Why do we feel bad when we make mistakes? For many people, young and old, mistakes bring feelings of embarrassment, fear, and even anger. We may feel judged, and in turn we see ourselves as inadequate.
In our math classrooms, students are especially sensitive to errors. Many math lessons teach step-by-step procedures that must be followed to get to a single answer. In this framework, it's easy to see how errors = failure.
Errors, mistakes, and failure often act as triggers for fixed mindsets. Once students begin to fail, their insecurities and fears take over.Thoughts like "I'm just not smart", or "I'll never be able to do this" overwhelm the experience, and the learning process shuts down.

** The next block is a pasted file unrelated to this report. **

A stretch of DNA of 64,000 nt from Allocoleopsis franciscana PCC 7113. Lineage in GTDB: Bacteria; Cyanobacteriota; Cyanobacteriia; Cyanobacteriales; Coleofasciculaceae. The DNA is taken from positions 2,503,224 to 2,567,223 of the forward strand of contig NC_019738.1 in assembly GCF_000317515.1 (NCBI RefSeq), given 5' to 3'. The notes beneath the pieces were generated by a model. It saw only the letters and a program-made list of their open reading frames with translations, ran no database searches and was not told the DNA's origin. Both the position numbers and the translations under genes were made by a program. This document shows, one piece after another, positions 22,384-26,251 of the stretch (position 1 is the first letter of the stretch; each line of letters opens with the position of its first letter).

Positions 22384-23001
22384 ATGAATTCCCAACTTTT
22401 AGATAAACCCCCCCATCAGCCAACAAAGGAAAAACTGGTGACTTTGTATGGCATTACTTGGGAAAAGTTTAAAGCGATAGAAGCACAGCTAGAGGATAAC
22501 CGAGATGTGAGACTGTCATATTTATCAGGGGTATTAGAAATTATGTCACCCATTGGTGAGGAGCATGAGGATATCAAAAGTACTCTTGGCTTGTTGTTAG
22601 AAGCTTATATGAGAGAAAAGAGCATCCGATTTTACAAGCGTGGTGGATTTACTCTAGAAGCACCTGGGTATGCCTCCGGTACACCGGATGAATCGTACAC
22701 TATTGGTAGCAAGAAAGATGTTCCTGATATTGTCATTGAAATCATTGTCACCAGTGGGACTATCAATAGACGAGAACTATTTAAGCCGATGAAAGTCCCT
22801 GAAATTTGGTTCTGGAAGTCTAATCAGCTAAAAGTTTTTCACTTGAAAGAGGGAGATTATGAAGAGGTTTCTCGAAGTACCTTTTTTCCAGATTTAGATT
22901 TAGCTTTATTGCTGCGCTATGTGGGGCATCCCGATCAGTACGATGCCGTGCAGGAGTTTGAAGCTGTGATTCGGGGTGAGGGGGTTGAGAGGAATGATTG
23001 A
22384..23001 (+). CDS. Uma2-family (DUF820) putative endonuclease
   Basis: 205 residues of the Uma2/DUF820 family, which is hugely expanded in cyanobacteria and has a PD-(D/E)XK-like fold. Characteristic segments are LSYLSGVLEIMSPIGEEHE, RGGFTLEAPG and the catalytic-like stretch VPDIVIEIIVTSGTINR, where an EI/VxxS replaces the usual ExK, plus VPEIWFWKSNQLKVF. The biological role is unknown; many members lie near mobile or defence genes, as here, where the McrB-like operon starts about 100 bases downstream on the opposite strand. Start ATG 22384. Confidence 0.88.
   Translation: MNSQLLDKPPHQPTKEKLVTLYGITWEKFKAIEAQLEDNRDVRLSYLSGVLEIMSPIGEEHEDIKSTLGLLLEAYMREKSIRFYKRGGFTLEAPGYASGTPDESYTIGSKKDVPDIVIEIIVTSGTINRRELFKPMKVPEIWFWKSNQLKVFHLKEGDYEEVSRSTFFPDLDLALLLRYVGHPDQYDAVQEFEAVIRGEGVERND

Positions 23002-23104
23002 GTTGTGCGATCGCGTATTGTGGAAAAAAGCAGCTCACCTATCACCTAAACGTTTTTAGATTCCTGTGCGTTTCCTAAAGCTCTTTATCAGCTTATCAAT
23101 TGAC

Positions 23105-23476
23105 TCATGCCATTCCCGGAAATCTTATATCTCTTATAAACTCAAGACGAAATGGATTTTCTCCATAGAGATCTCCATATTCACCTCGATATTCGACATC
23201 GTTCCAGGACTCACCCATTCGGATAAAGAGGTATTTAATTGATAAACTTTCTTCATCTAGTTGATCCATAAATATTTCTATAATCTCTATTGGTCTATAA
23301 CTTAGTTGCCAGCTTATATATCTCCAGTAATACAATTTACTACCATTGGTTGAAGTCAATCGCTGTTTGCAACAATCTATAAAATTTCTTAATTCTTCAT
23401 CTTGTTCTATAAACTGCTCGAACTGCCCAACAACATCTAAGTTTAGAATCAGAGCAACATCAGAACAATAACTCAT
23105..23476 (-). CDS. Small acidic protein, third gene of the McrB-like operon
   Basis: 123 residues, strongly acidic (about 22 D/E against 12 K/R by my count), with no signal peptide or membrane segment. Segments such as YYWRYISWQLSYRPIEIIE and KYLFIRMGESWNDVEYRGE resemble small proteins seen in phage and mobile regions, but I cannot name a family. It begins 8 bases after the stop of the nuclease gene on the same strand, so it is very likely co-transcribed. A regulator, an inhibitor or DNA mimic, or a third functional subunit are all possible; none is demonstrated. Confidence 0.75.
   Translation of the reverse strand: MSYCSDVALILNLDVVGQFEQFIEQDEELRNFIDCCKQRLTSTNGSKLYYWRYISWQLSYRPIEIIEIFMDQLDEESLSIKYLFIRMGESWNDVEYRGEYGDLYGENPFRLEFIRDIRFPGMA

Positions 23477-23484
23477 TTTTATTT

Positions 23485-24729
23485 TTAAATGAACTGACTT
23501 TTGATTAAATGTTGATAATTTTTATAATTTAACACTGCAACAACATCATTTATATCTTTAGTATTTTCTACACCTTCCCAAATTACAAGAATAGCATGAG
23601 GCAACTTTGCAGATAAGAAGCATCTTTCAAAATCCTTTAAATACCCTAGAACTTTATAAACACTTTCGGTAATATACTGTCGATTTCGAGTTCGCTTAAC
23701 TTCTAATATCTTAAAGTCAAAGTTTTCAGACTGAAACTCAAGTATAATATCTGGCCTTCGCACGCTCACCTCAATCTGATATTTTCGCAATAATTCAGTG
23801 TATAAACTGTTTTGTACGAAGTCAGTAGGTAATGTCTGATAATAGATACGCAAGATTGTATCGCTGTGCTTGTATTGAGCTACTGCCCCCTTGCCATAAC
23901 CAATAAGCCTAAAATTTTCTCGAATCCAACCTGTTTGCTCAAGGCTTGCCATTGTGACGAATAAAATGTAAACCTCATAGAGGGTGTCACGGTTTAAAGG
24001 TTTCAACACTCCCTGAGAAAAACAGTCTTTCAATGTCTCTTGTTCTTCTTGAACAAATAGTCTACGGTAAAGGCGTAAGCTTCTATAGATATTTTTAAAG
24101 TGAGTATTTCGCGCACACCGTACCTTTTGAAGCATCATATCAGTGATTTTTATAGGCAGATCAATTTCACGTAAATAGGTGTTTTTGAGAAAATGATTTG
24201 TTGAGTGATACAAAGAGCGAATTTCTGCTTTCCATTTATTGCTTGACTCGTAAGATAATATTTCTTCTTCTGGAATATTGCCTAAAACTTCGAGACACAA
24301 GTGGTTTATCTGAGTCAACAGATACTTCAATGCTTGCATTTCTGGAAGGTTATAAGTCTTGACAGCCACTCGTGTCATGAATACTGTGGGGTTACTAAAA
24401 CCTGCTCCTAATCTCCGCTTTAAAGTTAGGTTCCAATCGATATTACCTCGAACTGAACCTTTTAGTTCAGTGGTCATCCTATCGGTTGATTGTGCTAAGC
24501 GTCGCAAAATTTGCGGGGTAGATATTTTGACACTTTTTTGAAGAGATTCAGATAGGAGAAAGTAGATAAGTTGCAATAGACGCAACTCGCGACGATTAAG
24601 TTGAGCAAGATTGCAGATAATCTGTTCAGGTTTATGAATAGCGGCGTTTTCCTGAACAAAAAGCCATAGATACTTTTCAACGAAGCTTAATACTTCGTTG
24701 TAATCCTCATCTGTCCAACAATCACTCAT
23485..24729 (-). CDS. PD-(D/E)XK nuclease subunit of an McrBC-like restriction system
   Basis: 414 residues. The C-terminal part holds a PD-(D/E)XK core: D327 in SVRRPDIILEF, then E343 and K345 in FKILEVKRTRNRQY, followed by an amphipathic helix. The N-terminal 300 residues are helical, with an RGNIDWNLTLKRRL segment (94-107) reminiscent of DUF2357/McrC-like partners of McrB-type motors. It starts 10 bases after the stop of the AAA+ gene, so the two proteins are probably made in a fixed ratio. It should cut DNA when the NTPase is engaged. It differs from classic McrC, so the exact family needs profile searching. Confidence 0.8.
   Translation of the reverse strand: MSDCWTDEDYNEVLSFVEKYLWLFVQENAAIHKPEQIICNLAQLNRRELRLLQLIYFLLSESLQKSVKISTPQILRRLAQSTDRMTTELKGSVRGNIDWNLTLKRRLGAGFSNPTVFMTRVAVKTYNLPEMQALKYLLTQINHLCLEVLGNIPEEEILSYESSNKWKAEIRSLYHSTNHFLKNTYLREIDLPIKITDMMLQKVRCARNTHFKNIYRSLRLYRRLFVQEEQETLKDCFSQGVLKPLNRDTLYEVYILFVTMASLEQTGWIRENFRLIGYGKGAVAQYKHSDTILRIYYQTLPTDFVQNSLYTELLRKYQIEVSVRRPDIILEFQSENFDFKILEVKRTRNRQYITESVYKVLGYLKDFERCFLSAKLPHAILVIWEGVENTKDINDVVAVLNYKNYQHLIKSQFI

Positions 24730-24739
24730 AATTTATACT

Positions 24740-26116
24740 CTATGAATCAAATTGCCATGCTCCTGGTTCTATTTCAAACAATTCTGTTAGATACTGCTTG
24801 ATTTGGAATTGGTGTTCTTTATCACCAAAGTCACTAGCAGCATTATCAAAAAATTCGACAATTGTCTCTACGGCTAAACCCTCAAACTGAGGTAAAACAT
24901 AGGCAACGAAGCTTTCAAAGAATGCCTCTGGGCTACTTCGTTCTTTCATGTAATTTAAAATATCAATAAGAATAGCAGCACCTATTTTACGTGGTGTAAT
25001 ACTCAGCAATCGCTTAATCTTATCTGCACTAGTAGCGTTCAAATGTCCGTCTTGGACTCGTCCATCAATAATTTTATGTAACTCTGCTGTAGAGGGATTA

But what if we embraced mistakes? After all, we have countless examples of our most successful athletes, scientists, and businesspeople failing over and over on the way to succeeding. What if, instead of trying to hide our failures, we made them public, and emphasized their potential to help us become better?
What if you tried this?
If we can change our students' perceptions about mistakes, we can improve learning. Here is an amazing example of how one teacher harnesses the power of mistakes in her classroom:
My Favorite NO
This teacher successfully promotes a growth mindset in her classroom in several ways:
She presents errors in a positive light, publicly celebrating one of them as her 'favorite'.
She encourages a full discussion and analysis about the strengths and weaknesses in her chosen example.
There is no penalty for mistakes in the discussion; equal weight is given to successes and failures.
Choosing an appropriate task is a critical part of this exercise. If you use Symphony Math, you might choose a task in an area of need highlighted for one or more students in the HELP links on your dashboard.